Story by U.S. Army Sgt. 1st Class Gary Cooper, 1st Cavalry Division Sustainment Brigade Public Affairs Office
Staff Sgt. Roderick Armstrong, Brigade Paralegal NCO, 1st Cavalry Division Sustainment Brigade, was awarded the Sgt. Eric L. Coggins Award for Excellence by The Judge Advocate General of the United States Army, Lt. Gen. Stuart Risch, Nov. 15, in a ceremony at Fort Hood’s Mission Training Complex.
Established in 1998, the Sgt. Eric L. Coggins award recognizes the junior Paralegal Specialist or Non-Commissioned Officer who best embodies the standards for which Sgt. Coggins was known.
After beginning his career as an Airborne Soldier at Fort Bragg, N.C., Coggins volunteered for duty in Korea, where his exceptional skills as a leader and paralegal Soldier led to his selection as NCOIC of the First Brigade, 2nd Infantry Division Legal Office at Camp Casey while still a Specialist.
“Now we know today, typically a Staff Sergeant or Sergeant First Class runs a brigade, when it comes to legal work,” said Command Sgt. Maj. Mike Bostic, JAG Regimental Command Sergeant Major. “And here he was, back then, an E4, in charge of a brigade legal office, with all the work that comes with it.”
Coggins distinguished himself during a voluntary deployment to Kuwait, where he ran a superb “frontier” legal office, while also volunteering to serve as a machine gunner and tank gunner, where he became so
proficient that he was selected as gunner on the commander’s tank.
“You should notice a pattern of performance in all this,” Bostic said. “Volunteer for the toughest jobs you can find, go where the Army and JAG Corps need you most, and do the best job that you can do.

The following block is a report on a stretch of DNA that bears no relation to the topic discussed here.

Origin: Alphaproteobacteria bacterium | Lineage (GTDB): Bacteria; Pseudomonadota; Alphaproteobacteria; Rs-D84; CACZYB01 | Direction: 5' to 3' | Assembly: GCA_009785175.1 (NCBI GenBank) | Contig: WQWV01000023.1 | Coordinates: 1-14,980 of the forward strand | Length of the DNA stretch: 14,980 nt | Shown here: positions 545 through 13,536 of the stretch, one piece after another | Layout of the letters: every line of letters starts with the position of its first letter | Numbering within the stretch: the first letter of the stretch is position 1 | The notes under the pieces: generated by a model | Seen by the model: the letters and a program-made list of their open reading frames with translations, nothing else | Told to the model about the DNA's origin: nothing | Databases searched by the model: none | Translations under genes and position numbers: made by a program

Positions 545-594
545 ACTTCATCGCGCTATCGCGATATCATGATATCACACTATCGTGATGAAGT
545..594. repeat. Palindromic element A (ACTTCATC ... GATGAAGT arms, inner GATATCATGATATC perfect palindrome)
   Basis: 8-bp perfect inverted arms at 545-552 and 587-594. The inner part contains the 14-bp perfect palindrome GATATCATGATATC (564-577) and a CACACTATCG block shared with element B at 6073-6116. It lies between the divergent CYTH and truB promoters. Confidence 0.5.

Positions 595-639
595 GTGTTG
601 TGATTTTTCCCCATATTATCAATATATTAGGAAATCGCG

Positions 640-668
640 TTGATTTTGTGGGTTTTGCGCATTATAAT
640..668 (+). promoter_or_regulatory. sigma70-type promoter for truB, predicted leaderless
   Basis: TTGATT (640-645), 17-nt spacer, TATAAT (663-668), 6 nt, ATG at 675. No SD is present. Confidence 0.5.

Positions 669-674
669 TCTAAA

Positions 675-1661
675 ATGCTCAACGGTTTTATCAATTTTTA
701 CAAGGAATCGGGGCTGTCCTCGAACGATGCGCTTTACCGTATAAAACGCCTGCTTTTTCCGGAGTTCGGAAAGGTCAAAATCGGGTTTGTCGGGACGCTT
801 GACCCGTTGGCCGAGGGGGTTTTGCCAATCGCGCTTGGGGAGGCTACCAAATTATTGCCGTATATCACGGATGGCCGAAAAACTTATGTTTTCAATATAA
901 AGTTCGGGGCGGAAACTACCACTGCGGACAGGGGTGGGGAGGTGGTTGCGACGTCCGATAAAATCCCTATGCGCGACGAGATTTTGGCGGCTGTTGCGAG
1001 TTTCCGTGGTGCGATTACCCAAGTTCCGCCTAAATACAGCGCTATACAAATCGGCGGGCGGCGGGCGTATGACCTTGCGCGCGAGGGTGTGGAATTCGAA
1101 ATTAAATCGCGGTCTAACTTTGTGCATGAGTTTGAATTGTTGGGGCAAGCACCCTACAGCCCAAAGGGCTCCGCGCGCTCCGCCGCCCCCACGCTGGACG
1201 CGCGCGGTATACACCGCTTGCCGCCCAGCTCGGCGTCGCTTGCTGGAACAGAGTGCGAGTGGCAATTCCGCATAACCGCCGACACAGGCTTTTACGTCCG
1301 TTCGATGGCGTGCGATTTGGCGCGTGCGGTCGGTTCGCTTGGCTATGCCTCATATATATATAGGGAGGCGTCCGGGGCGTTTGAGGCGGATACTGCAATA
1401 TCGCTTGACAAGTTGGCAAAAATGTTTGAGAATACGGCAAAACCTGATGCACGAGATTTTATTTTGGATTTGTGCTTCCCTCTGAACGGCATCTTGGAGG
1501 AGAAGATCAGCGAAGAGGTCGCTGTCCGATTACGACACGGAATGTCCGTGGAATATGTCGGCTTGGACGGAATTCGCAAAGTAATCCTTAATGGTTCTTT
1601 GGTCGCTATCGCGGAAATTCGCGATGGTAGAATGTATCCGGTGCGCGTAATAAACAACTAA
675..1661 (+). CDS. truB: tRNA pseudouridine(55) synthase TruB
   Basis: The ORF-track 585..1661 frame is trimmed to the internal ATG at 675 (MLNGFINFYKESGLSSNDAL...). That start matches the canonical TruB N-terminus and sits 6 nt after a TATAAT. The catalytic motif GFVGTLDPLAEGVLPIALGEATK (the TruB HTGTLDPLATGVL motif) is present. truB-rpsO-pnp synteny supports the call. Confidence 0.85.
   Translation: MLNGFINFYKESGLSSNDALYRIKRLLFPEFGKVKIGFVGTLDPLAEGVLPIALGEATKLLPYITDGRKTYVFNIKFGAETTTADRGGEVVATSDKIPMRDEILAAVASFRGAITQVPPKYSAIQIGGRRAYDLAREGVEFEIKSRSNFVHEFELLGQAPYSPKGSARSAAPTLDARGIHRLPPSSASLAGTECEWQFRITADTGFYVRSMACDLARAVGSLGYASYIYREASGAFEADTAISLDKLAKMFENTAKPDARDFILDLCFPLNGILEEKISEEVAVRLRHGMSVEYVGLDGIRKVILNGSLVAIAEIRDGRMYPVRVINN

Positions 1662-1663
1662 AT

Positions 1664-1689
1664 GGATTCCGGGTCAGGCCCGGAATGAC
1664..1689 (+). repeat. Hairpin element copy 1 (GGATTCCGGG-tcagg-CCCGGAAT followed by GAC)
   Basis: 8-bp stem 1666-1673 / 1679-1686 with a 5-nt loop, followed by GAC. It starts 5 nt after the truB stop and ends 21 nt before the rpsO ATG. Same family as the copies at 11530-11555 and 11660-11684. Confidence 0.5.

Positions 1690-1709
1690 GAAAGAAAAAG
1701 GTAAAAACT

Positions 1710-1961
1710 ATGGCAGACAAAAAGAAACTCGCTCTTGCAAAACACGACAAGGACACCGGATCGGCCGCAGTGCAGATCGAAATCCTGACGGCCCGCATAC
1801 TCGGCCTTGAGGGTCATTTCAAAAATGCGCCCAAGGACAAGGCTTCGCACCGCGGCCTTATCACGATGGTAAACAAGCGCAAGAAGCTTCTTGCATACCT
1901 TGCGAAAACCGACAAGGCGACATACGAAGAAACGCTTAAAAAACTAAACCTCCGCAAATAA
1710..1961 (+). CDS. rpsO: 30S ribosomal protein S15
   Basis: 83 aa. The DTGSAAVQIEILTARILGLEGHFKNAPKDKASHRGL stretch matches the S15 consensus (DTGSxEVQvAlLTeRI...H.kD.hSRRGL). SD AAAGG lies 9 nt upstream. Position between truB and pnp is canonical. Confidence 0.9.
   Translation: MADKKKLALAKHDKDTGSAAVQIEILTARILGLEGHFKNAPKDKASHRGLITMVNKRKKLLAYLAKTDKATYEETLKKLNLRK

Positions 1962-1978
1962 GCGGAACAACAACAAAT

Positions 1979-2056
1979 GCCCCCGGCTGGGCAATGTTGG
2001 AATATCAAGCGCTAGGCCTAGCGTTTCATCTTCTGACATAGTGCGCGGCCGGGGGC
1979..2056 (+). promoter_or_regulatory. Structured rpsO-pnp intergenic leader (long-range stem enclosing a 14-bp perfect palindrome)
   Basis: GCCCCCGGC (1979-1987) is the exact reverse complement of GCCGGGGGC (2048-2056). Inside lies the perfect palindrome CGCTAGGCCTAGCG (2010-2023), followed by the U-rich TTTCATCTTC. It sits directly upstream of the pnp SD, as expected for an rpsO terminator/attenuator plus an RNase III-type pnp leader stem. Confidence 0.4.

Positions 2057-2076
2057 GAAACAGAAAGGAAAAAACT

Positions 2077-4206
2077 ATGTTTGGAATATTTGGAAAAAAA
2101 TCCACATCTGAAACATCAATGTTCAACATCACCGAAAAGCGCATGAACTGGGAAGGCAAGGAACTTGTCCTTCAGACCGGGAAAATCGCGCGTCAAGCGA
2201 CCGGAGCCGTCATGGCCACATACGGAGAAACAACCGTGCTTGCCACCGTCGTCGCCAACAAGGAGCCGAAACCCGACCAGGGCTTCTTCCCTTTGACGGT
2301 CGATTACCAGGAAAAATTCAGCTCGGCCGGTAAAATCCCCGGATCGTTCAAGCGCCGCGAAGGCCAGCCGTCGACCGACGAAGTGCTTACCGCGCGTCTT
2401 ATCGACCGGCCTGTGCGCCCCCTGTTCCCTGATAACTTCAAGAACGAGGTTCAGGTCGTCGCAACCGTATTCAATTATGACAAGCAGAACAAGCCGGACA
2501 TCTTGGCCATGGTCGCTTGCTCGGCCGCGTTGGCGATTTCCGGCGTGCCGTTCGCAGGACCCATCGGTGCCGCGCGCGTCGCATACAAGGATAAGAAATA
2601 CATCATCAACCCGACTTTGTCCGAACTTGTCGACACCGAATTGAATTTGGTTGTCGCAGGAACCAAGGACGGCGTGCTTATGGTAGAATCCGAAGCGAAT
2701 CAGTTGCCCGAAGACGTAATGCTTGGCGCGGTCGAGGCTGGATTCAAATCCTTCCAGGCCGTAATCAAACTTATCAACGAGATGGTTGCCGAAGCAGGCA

In 1996, shortly after his tour in Kuwait, Coggins was diagnosed with liver cancer, and was transferred to Walter Reed Medical Center, where he met Maj. Gen. Walter B. Huffman, then Army Judge Advocate General. Huffman was so impressed by Coggins that he awarded him the Legion of Merit. After Coggins passed away, Huffman established an award in Huffman’s honor.
Lt. Gen. Risch applauded Armstrong, as well as previous award recipients.
“I’m excited to see all that you achieve. I’m certain you are well aware of the successes your predecessors, the recipients of this award have attained, and I have absolutely no doubt that you will follow the same course,” said Risch. “A regimental command sergeant major, a number of other sergeants major, and others who went on to Officer Candidates School and became officers as well, so I truly believe the sky is the limit for you, whatever you decide to do. I wish you all the best, and I charge you, whatever you do, take care of your people, your family, and yourself.”
Armstrong, whose previous assignments were at Camp Carroll, South Korea, and both Kaiserslautern and Baumholder, Germany, expressed his gratitude to his people: his leaders, and Soldiers in his care.
“To my subordinates, thank you for allowing me to mentor, teach and coach you. What an honor it has been to have the opportunity to influence you. Through this, you have also taught me what it means to be a servant-leader, to put your needs above myself, and what it means to be a non-commissioned officer, so thank you,” Armstrong said. “To my leaders, thank you for putting your faith in my ability to be a non-commissioned officer, and pushing me when I thought I had nothing left to give. It was through your leadership, guidance, and most importantly your patience that I actually learned what it meant to be a servant-leader, and learned the Army Values.
Armstrong, a native of Bradenton, Fla., graduated from Manatee High School in 2015, and is currently pursuing his bachelor’s degree from the University of Maryland Global Campus. He attributed much of his success to his mother, who, having made the trip to Fort Hood, was present in the audience. “To my mother, thank you for raising me to be the young man that I am today. Everything that I have accomplished in the last 25 years has been because of the values, the love, the trust that you instilled in me.”
Armstrong concluded by thanking Sgt. Coggins.
“Sergeant Coggins gave me an example of hard work, dedication and perseverance, as well as what we as NCOs should be, know and do. Thank you.”